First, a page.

Parental partnerships with teachers are extremely crucial to a child's success. Thanks for reading.

    • rajan jolly profile image

      Rajan Singh Jolly 5 years ago from From Mumbai, presently in Jalandhar,INDIA.

      Parents have a big role to play in the child's educational progress and achievements. Wonderful hub. Voted up/useful.

    • Missy Mac profile image
      Author

      Missy Mac 5 years ago from Illinois

      I can relate. I was a Nancy Drew and Hardy Boys reader (when younger). I enjoy mystery novels and the library was a reliable resource to finding an exciting mystery. Thanks again for reading.

    • twilanelson profile image

      Twila Nelson 5 years ago from Carmichael, California

      Thank you for a wonderfully written and very useful Hub. My teenage daughter is as excited about a new book as she is about a trip to an amusement park. Sometimes I feel that she has a little bit of an addiction because she is a little temperamental when she has not been to the library for a while or even when she does not have a book in her hand. Incentives are definitely a wonderful way to maintain a child's love for reading.

      Have a wonderful day!

    • Missy Mac profile image
      Author

      Missy Mac 5 years ago from Illinois

      Most definitely, businesses offer great incentives for parents and students. Thanks for reading.

    • vespawoolf profile image

      vespawoolf 5 years ago from Peru, South America

      I'd never heard of the Pizza Hut program! It's so true that literacy starts at home. It's nice that so many are contributing toward that effort. Thanks so much for this useful information.

    • Missy Mac profile image
      Author

      Missy Mac 5 years ago from Illinois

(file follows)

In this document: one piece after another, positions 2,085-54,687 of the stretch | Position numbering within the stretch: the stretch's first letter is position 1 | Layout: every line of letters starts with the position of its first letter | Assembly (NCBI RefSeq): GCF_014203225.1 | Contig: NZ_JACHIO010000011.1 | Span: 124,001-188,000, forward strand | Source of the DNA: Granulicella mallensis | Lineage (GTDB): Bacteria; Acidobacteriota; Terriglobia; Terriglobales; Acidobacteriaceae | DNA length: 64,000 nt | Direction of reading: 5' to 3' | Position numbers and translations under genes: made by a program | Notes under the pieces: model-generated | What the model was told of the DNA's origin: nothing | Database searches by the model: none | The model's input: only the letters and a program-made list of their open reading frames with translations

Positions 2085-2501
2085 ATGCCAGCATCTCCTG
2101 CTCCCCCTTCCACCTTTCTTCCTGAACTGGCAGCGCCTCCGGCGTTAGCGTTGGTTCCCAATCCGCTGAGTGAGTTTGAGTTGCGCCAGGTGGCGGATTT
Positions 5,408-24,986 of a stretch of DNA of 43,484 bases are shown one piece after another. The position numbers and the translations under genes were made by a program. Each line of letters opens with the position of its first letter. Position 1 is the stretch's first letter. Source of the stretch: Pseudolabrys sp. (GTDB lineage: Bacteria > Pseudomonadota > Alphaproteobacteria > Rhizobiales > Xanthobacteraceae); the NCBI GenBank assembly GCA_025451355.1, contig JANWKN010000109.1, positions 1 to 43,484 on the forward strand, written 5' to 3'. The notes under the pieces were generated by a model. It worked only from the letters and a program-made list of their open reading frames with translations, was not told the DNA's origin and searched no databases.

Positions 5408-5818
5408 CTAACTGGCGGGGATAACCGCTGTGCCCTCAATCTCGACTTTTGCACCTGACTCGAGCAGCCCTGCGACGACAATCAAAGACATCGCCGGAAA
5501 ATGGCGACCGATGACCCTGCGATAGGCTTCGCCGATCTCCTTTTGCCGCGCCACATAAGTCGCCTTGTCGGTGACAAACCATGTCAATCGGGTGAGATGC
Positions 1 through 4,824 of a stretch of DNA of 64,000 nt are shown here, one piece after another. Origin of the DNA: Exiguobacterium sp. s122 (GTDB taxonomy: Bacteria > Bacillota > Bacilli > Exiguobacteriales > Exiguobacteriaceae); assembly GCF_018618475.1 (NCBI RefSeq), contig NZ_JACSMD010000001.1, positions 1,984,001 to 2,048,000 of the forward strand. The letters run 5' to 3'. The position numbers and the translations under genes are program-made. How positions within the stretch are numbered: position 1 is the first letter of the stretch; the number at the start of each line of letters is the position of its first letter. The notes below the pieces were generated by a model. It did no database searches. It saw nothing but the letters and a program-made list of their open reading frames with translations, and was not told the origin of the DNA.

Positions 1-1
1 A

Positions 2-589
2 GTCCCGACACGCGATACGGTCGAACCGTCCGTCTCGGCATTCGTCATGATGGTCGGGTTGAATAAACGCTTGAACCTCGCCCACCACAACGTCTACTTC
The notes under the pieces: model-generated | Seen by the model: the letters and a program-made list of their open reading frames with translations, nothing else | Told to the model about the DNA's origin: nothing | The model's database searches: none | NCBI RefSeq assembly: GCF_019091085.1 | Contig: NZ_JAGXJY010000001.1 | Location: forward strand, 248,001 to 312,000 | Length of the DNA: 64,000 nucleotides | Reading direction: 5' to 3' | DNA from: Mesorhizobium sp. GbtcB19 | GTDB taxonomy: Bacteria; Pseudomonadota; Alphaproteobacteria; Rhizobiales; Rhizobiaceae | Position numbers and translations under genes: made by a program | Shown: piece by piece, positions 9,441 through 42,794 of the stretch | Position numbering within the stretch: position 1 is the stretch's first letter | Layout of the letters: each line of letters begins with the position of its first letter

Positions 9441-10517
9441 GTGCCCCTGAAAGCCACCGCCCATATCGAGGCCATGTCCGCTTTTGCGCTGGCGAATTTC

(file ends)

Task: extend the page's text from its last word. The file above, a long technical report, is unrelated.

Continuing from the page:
Thanks internpete:

      I am a newbie and education is an important topic of mine (retired teacher). Thank you again!

    • internpete profile image

      Peter V 5 years ago from At the Beach in Florida

      Totally agree, parental involvement in schooling and education is a must! Kids need to know their parents not only care about them, but support the education they are getting. When this happens, the kids do better in school! Good hub, voted up!

    • Missy Mac profile image
      Author

      Missy Mac 5 years ago from Illinois

      Welcome UOP grad, parents can play a large role our lives. As a newbie, I wanted to start with a topic close to my heart. Thanks

    • Money Glitch profile image

      Money Glitch 5 years ago from Texas

      Hello my fellow UOP Grad! Great article and a good reminder to parents of the importance of being involved in a child's academics. I know for sure it was my parents that instilled in me the importance of making good grades and achievement in school.

    • Missy Mac profile image
      Author

      Missy Mac 5 years ago from Illinois

      Thanks Krillco:

      Education is dear to my heart. I enjoy helping learners and parents.

    • krillco profile image

      William E Krill Jr 5 years ago from Hollidaysburg, PA

      Well written, good reminders. I can't wait for grandkids to read to and teach stuff only grandpas can!